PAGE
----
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The controversy surrounding “The Picture of Dorian Gray” when it was released is something that must be taken in context with regard to the moral climate of the Victorian time period. Critics of the time argued the book would corrupt those who read it based on what popular opinion considered abhorrent behavior at the time. Oscar Wilde on the other hand felt the books overall message was more in tune with popular opinion than his critics, though suggested it wasnt radical enough. The argument hinges on the end of the book and Dorians suicide.
Critics of the novel were afraid that reading the book would tempt young men into experimenting with homosexuality. At the time homosexuality was considered a deviant behavior or a phase, but certainly not a lifestyle. In fact homosexual acts were criminalized. The book does not explicitly depict Dorian as living a homosexual lifestyle, but it is clearly the implication. The underlying thought behind such criticism is that by reading about the behavior, the behavior is encouraged. This logic is flawed. Reading about being a homosexual doesnt make you a homosexual anymore than reading about bass will make you a fish. However the publication of the book and the subsequent controversy did help to bring an end to the taboo of homosexuality as a topic for public discussion. In that sense, the book did change popular opinion which arguably makes the critics correct. However, to call such a change a corruption would be homophobic by todays standards. In addition, just because something wasnt being talked about doesnt mean it wasnt taking place. The critics arguments are much like the debate that America is having now about sex-education and whether teaching children about birth-control encourages promiscuity.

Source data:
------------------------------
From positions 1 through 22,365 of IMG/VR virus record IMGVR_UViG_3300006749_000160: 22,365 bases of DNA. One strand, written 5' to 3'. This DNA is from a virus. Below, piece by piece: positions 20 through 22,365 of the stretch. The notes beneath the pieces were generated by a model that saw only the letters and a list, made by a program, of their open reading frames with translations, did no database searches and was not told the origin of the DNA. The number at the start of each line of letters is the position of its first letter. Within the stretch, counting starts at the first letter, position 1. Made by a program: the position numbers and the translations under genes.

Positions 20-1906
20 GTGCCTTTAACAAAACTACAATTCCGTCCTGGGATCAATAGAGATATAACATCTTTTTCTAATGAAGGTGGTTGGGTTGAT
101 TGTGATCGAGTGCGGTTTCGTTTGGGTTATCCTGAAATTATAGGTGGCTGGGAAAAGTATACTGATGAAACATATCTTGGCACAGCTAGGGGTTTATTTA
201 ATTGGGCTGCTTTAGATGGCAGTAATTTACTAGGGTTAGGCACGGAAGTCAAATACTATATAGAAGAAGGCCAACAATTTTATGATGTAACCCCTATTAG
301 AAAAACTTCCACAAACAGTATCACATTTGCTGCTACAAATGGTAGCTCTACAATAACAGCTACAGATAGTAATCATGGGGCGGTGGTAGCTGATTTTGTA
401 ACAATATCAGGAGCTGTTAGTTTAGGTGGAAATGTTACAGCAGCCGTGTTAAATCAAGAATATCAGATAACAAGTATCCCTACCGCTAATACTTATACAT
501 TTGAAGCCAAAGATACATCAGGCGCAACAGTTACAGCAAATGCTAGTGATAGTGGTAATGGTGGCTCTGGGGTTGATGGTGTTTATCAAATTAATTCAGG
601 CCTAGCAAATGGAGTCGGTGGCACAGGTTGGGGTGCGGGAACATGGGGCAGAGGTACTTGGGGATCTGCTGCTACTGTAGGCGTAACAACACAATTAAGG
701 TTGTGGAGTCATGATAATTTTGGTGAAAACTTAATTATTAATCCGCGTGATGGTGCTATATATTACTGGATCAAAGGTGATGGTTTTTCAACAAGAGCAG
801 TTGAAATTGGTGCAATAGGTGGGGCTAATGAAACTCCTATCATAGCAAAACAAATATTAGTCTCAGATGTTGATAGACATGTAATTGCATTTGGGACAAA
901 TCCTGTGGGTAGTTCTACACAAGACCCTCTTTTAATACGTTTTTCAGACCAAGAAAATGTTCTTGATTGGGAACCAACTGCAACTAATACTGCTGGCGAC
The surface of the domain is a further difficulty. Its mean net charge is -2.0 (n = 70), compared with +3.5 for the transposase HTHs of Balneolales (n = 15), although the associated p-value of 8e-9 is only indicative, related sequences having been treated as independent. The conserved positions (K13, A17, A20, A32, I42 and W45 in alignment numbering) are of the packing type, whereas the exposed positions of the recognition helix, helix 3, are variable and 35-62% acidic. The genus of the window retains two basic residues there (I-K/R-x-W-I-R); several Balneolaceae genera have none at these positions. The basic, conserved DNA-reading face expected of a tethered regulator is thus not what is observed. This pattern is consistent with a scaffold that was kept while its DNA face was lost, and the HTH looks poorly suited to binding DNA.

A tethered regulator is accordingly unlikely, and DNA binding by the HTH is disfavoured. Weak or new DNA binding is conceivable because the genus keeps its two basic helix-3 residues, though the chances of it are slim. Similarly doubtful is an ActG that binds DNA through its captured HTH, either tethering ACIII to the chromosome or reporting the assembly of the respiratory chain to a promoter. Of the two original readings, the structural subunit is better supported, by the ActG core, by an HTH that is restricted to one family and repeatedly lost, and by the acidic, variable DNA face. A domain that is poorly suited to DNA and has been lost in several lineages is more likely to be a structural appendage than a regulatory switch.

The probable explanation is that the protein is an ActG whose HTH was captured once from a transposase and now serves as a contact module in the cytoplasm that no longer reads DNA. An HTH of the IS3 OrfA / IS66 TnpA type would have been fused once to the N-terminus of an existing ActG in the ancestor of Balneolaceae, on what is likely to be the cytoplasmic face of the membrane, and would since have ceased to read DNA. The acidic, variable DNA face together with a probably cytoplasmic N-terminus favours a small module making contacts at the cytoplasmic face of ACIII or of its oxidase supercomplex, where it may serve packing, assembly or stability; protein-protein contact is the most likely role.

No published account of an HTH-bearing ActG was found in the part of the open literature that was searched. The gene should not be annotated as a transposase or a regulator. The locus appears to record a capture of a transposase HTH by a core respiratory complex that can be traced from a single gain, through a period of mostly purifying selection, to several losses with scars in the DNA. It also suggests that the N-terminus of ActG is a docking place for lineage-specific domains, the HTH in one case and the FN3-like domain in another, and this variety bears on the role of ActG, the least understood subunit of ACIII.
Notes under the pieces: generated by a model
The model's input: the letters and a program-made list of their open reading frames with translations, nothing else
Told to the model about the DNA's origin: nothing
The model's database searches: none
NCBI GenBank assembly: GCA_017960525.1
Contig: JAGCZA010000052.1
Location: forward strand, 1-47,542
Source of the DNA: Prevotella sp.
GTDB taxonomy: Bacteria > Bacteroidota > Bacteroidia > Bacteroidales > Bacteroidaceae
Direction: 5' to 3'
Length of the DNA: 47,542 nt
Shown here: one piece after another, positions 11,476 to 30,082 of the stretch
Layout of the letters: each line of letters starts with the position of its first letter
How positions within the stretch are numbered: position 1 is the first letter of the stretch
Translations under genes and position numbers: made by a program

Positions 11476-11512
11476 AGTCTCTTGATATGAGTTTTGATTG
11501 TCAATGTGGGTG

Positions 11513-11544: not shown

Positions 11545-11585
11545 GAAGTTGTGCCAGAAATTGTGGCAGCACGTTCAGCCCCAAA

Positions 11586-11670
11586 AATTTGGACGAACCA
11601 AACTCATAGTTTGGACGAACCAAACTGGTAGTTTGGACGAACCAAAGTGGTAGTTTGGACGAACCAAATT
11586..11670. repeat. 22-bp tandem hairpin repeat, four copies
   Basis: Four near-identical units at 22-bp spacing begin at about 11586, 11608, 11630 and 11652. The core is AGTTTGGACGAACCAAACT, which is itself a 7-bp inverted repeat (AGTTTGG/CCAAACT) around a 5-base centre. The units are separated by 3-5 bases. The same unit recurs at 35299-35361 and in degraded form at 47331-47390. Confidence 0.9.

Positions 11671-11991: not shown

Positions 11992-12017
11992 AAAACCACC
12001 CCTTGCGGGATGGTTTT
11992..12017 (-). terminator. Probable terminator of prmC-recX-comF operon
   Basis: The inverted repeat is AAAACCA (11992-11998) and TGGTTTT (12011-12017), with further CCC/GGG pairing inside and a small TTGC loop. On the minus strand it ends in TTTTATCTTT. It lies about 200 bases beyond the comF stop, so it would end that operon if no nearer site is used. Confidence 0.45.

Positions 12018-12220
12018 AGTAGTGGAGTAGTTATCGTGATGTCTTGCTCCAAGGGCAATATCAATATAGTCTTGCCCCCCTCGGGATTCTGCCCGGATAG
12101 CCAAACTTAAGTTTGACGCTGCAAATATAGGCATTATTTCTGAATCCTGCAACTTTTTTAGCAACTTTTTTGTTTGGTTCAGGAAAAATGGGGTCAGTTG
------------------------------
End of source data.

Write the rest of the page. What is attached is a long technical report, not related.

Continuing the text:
What critics largely ignored, and the reason Wilde thought the book was “too moral”, was that Dorian Gray eventually suffers for his lifestyle. Of course there was good reason for the critics to ignore the ending, since it was obviously not the focus of Wilde’s intent. Throughout the book there were constant references praising Dorian’s lifestyle. For example, when Lord Henry says “I consider that for any man of culture to accept the standard of his age is a form of the grossest immorality” it’s hard to consider that such a statement is one with which the author disagrees. Were it not for Dorians death, then the book would be a diatribe praising youth, hedonism, and permissiveness. However, Dorians frustration and conflict between his inner self and outer beauty are settled when he slashes the painting and dies.
In saying that the book was “too moral” Wilde is referring to this inner conflict because he does not feel society should subject people to such guilt. He does however recognize that this guilt exists, most likely from personal experience. Wilde’s